Discipline: general principles
It is important to remember not to reward your child or give positive reinforcement for a bad behavior. For example, if your child is having a temper tantrum, giving her a cookie to be quiet is rewarding your child for the bad behavior. In order to help decrease the chance of bad behavior, consider the following:
- Don't reinforce the behavior; simply ignore your child.
- The behavior may have to result in an unpleasant consequence, such as punishment.
Active punishment has two forms, including the following:
- denying your child privileges or desired activities, such as decreasing TV time or no dessert
- undesirable or uncomfortable activities can be required of your child, such as doing chores or having "time-out"
- The behavior can result in natural consequences. For example, if your child won't eat, she may go to bed hungry.
- It is generally accepted that spanking and other forms of physical punishment are not helpful. These types of discipline teach your child aggressive behaviors and poor conflict management.
Methods of discipline
Discipline methods often depend on the age of your child, and how much your child understands her behavior. The following are some suggestions for discipline techniques for each age group:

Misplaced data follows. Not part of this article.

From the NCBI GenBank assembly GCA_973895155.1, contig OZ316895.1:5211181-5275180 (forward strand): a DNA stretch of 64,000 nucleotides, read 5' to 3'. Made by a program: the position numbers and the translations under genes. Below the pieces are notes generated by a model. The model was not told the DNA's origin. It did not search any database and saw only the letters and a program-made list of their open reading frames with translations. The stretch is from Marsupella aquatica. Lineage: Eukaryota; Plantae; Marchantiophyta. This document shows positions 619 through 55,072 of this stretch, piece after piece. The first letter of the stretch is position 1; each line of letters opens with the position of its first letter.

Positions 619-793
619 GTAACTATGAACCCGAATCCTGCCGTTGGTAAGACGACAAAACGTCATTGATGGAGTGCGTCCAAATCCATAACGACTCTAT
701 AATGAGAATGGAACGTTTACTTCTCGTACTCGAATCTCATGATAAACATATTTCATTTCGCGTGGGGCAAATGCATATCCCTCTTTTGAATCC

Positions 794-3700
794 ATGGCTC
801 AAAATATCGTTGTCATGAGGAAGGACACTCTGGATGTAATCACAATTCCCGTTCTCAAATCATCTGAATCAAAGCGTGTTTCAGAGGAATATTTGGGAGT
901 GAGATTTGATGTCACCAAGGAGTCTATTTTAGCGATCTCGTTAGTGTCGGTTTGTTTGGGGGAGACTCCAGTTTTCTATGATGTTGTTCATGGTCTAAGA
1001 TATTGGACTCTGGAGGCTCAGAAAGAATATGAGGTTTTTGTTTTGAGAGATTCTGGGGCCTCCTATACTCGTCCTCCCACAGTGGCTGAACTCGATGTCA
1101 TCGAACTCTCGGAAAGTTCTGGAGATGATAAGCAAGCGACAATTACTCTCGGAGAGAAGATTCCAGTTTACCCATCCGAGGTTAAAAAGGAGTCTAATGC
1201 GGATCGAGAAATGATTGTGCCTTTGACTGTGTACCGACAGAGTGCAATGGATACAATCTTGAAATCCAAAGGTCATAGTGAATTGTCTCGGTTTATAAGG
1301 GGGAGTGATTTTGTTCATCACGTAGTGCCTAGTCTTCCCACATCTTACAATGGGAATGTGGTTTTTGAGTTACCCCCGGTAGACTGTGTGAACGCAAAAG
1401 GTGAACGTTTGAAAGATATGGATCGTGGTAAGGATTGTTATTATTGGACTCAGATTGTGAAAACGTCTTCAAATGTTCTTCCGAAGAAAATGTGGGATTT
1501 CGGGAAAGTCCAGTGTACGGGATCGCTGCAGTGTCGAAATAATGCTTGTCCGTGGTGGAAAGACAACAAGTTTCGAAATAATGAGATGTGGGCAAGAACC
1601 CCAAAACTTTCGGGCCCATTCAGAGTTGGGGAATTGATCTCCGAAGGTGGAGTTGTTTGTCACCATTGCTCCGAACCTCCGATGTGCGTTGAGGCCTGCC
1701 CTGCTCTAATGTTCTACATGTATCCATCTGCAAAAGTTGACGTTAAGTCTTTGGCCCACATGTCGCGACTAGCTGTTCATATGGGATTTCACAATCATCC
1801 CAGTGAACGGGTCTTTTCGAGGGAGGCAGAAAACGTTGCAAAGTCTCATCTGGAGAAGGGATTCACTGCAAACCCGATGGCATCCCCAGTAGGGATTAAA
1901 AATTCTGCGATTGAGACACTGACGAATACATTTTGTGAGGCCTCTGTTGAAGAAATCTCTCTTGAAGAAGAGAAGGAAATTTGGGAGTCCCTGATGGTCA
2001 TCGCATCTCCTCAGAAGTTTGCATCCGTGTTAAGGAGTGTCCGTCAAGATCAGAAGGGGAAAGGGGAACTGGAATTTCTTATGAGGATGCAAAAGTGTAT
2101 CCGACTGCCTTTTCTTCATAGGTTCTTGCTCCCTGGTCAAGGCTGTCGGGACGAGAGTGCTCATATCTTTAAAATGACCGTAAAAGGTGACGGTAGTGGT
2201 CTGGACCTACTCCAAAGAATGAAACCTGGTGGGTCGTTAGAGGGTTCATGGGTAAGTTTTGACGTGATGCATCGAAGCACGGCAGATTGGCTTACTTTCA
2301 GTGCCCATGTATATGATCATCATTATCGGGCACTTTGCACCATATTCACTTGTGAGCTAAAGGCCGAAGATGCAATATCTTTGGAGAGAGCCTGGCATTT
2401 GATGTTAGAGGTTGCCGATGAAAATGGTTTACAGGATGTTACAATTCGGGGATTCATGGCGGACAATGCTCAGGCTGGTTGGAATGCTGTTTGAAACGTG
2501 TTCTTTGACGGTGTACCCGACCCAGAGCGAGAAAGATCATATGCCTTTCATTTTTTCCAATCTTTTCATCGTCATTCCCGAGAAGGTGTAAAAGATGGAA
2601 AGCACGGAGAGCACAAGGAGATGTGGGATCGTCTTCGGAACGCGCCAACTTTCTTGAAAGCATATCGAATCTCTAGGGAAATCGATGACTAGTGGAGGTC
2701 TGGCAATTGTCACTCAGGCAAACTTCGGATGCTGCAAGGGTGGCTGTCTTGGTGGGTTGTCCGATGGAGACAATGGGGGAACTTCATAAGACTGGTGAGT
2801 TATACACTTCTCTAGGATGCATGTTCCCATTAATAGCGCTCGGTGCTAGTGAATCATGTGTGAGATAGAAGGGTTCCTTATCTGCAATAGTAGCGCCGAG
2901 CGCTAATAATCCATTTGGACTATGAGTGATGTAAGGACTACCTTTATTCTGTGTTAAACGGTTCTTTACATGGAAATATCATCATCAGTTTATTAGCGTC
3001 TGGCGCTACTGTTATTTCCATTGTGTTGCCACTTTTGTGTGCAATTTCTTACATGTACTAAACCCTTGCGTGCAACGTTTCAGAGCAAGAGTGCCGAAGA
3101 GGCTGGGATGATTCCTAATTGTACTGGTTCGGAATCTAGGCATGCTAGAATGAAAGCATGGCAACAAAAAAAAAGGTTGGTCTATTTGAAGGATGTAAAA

Infants and toddlers:
- Safety is the main concern.
- Infants will respond to a loud, firm voice saying "No."
- Provide a safe environment that decreases the chances of things being broken by your child.
- After saying "No," direct your child to an acceptable behavior, such as a toy.
- Do not reward bad behavior. Ignore temper tantrums, but confront other problems, such as biting or hitting.
- Praise and reward good behavior.
Preschoolers need clear and consistent rules.
- This age group needs time to prepare for the next activity. Give your child a warning before it's time to stop playing.
- Preschoolers need lots of explanation as to why things are being done.
- Use time-out for bad behavior.
- Use praise for good behavior.
- school-aged children:
School-aged children need the above rules and guidelines plus the following:
- Give your child chances to explain their side and opinions, and provide opportunities to express their feelings and concerns.
- Give your child choices.
- Give your child chances to help solve problems together regarding their behavior.
- This age group needs patient and understanding parents as they test all limits.
- Adolescents need to be told the long-term outcomes of bad behaviors.
- Adolescents need to be involved with limit-setting, based on their maturity.